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# Module Mirror and Checksum Database Launched
29 Aug 2019
Tags: tools, versioning
Summary: The Go module mirror and checksum database provide faster, verified downloads of your Go dependencies.
Katie Hockman
We are excited to share that our module [mirror](,
[index](, and
[checksum database]( are now production ready! The `go` command
will use the module mirror and checksum database by default for
[Go 1.13 module users]( See
[]( for privacy
information about these services and the
[go command documentation](
for configuration details, including how to disable the use of these servers or
use different ones. If you depend on non-public modules, see the
[documentation for configuring your environment](
This post will describe these services and the benefits of using them, and
summarizes some of the points from the
[Go Module Proxy: Life of a Query]( talk at Gophercon 2019.
See the [recording]( if you are interested in the full talk.
## Module Mirror
[Modules]( are sets of Go packages
that are versioned together, and the contents of each version are immutable.
That immutability provides new opportunities for caching and authentication.
When `go get` runs in module mode, it must fetch the module containing the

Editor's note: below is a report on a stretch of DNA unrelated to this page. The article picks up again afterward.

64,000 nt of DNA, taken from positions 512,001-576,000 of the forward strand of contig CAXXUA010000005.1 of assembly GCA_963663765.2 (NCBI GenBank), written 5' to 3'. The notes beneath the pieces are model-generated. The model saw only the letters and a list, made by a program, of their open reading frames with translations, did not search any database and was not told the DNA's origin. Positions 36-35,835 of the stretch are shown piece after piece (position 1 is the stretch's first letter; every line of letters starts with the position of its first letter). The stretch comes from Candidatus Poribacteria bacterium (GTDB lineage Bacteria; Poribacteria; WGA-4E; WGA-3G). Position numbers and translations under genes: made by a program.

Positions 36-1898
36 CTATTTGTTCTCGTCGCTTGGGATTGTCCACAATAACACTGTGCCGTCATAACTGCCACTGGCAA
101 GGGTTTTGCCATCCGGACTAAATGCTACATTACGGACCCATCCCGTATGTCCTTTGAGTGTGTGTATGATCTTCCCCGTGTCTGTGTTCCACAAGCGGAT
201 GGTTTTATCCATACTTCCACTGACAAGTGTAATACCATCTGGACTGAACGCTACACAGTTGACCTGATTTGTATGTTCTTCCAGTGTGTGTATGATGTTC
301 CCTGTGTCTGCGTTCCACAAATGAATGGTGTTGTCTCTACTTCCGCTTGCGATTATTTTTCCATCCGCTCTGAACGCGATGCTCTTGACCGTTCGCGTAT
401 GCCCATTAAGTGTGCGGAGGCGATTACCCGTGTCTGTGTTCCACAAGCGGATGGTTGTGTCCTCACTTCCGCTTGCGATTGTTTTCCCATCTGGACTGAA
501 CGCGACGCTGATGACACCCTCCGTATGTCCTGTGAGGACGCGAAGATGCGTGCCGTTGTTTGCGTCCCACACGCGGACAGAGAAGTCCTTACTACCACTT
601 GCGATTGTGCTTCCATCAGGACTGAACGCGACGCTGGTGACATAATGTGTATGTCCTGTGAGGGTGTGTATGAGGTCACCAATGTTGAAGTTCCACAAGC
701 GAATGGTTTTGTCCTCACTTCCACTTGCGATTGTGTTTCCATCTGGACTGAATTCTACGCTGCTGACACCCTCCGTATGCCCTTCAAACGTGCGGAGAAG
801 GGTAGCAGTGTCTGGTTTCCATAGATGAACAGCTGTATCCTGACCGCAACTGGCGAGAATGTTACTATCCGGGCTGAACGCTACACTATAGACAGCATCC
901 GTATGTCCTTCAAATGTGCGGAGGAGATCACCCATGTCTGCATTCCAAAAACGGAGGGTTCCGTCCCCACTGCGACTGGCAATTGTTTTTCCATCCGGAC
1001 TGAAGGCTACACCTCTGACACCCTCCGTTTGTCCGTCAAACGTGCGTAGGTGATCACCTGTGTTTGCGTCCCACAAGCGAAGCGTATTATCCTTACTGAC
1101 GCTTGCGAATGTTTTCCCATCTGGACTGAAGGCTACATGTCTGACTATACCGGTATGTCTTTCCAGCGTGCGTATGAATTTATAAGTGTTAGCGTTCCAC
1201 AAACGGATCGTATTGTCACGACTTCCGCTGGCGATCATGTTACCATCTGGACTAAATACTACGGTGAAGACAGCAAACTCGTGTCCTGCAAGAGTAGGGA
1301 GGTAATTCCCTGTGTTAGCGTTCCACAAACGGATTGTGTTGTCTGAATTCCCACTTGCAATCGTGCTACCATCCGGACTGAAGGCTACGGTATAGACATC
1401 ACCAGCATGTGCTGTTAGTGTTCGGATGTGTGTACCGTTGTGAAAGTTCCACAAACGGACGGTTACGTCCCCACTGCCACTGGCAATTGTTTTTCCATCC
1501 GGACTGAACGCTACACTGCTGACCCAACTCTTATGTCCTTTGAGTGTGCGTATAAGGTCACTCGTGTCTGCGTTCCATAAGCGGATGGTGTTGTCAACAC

requested packages, as well as any new dependencies introduced by that module,
updating your
[go.mod]( and
files as needed. Fetching modules from version control can be expensive in terms
of latency and storage in your system: the `go` command may be forced to pull down
the full commit history of a repository containing a transitive dependency, even
one that isnt being built, just to resolve its version.
The solution is to use a module proxy, which speaks an API that is better suited
to the `go` commands needs (see `go help goproxy`). When `go get` runs in
module mode with a proxy, it will work faster by only asking for the specific
module metadata or source code it needs, and not worrying about the rest. Below is
an example of how the `go` command may use a proxy with `go get` by requesting the list
of versions, then the info, mod, and zip file for the latest tagged version.
.image module-mirror-launch/proxy-protocol.png _ 800
A module mirror is a special kind of module proxy that caches metadata and
source code in its own storage system, allowing the mirror to continue to serve
source code that is no longer available from the original locations. This can
speed up downloads and protect you from disappearing dependencies. See
[Go Modules in 2019]( for more information.
The Go team maintains a module mirror, served at
[](, which the `go` command will use by
default for module users as of Go 1.13. If you are running an earlier version of the `go`
command, then you can use this service by setting
`GOPROXY=` in your local environment.
## Checksum Database
Modules introduced the `go.sum` file, which is a list of SHA-256 hashes of the
source code and `go.mod` files of each dependency when it was first downloaded.
The `go` command can use the hashes to detect misbehavior by an origin server or
proxy that gives you different code for the same version.
The limitation of this `go.sum` file is that it works entirely by trust on _your_
first use. When you add a version of a dependency that youve never seen before